The genius hailed by The New Yorker as “the most popular choreographer of theatrical dance in the Western World” wakes up a ballet classic in Matthew Bourne’s Sleeping Beauty, a Great Performances presentation airing tonight on many PBS affiliates (be sure to check listings in your area).
Bourne explains during the two brief but illuminating interview segments that bookend this Sleeping Beauty that his family didn’t listen to much classical music when he was growing up. As in his earlier productions of the two other Tchaikovsky dance masterworks – The Nutcracker, which Bourne set in a grim Dickensian orphanage, and Swan Lake, which featured an all-male corps de ballet of swans – Bourne’s principal focus is on telling a story that is dramatically arresting while still satisfying fans of the piece in its traditional form.
When he sized up the Sleeping Beauty fairy tale, which dates from the 14th century, Bourne immediately noticed that, in terms of its love story, the yarn was a resounding flop.
“This prince kisses her and wakes her up, she looks at him, and next thing you know, they’re getting married, someone she’s never even met,” Bourne says. “You don’t really feel anything at all.”
Instead of using the traditional fairy-tale period setting, Bourne opens his production of Sleeping Beauty in London’s Victorian era, circa 1890 (the year of the ballet’s premiere). In the first act, we encounter the rambunctious baby Princess Aurora in the form of an intricately designed marionette that causes the palace staff endless headaches. In the next act, when we meet the 21-year-old Aurora (Hannah Vassallo), she’s a spirited, almost tomboyish young woman who has flouted convention and fallen in love with Leo (Dominic North), the royal gardener. Obviously, that enhances the love-story element in the ballet, but it presented Bourne with another conundrum: If Aurora has to sleep for 100 years, what happens to poor Leo?
“Aurora has fallen in love with someone who then has the problem of trying to stay alive for her when she wakes up,” Bourne says of his and Leo’s dilemma.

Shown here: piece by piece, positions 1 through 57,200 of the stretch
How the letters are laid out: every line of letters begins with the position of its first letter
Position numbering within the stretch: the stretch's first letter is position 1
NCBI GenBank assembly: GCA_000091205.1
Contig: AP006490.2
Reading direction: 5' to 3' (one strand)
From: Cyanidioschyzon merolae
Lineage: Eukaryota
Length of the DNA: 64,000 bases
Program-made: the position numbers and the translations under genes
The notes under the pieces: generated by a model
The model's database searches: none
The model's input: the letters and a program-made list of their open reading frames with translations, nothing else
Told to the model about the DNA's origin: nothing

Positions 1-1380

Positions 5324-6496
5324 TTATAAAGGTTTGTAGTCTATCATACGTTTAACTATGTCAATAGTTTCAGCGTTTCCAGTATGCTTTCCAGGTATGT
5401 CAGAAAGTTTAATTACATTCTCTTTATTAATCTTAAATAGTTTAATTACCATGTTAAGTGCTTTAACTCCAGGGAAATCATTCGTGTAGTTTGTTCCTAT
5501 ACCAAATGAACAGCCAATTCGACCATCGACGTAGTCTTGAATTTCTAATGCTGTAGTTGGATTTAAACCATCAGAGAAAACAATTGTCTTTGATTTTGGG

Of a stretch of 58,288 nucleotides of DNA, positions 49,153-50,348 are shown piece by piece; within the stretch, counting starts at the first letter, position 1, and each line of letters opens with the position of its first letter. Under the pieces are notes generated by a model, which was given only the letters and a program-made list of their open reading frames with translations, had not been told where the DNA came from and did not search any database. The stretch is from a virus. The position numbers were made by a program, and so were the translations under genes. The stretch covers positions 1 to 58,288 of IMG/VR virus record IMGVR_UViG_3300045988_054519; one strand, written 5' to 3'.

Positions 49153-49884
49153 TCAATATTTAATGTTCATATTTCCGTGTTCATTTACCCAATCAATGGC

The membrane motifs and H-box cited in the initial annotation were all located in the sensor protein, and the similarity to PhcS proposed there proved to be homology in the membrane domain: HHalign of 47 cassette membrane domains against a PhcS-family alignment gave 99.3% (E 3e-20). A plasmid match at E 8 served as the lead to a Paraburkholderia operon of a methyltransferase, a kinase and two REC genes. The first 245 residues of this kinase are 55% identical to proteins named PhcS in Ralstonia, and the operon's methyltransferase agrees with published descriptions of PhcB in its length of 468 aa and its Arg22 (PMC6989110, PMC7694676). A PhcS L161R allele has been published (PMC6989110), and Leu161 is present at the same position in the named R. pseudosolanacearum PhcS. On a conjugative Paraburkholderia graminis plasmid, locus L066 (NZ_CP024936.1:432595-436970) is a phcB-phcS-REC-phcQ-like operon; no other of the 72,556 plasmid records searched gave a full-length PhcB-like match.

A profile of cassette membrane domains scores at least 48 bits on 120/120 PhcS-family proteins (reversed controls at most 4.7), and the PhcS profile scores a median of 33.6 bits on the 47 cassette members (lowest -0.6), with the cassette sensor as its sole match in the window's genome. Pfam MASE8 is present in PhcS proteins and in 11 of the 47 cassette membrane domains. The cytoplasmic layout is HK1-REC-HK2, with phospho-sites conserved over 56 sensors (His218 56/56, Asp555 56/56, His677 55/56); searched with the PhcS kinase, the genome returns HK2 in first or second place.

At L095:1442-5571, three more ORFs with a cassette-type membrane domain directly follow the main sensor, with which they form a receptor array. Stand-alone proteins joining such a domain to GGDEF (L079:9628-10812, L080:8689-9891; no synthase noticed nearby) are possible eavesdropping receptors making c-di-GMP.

Happily, as it turns out, the production’s setting roughly coincided with London’s obsession with Gothic literature (Bram Stoker’s Dracula, for example, was written in 1897), and Bourne found his audacious solution while watching HBO’s True Blood. Instead of pretty ladies in pastel tutus, the good fairies of Sleeping Beauty would be a family of benign vampires in elegant yet slightly moldering garments, led by the powerful Count Lilac (Christopher Marney). That concept also gave Leo a poignant way to demonstrate his love for Aurora, by surrendering his very mortality in order to stay by her side.
Like all of his other productions, Bourne’s Sleeping Beauty is jam-packed with fantastic stage images, such as the stormy entrance of the dark fairy Carabosse (Adam Maskell) and her minions, who look like one of the Furies crossed with a satyr. When she pronounces her curse on the baby Aurora, her dark prophecy is mimed by an Aurora double with a blank, mannequin-like face. It’s chillingly effective, as is the moment in the second act when Carabosse’s vengeful son, Caradoc (Maskell again), activates the curse not with the tainted spindle of a spinning wheel, but via a thorn on a black rose that was his late mother’s favored calling card.
In traditional productions of Sleeping Beauty, once the prince has awakened his sleeping beauty, the story effectively is over, apart from another half hour or so of celebratory dances at the royal wedding. Bourne, however, interjects yet another plot twist that sends the narrative in a totally unexpected direction and keeps the suspense going almost until the very end of the ballet.
A press release from Great Performances describes Matthew Bourne’s Sleeping Beauty as “a gothic fairy tale for all ages,” and that’s largely true. Bourne’s earlier productions of, say, The Car Man (adapted from Bizet’s opera Carmen) and Swan Lake may have raised some eyebrows with their unmistakable currents of homoeroticism, but there’s nothing in this Sleeping Beauty to frighten the horses or, more pertinently, parents of youngsters. Very small fry who know and love the traditional Sleeping Beauty fairy tale, however, probably will be very confused by many of Bourne’s somewhat eccentric narrative changes.
There’s no denying, though, that Bourne has given one of Tchaikovsky’s most popular ballets a welcome dose of creative caffeine. I won’t point out all the ingenious little character touches this master choreographer comes up with, but I have to mention a moment that occurs early in Act Three, set in contemporary (2011) London. The massive, locked iron gates surrounding Aurora’s palace have become a tourist destination, and as guidebook-toting visitors take selfies for their Instagram pages, a young woman tenderly sticks a commemorative rose into the metal bars. As she does so, she pricks her finger and fairly swoons, overcome by the cosmic romantic significance of the accident. It’s a tiny moment that’s both funny and touching.
I can’t imagine what it must be like to live in Matthew Bourne’s head, which apparently is the scene of constant and boundless creativity. I’m just glad that every now and then I get to visit there.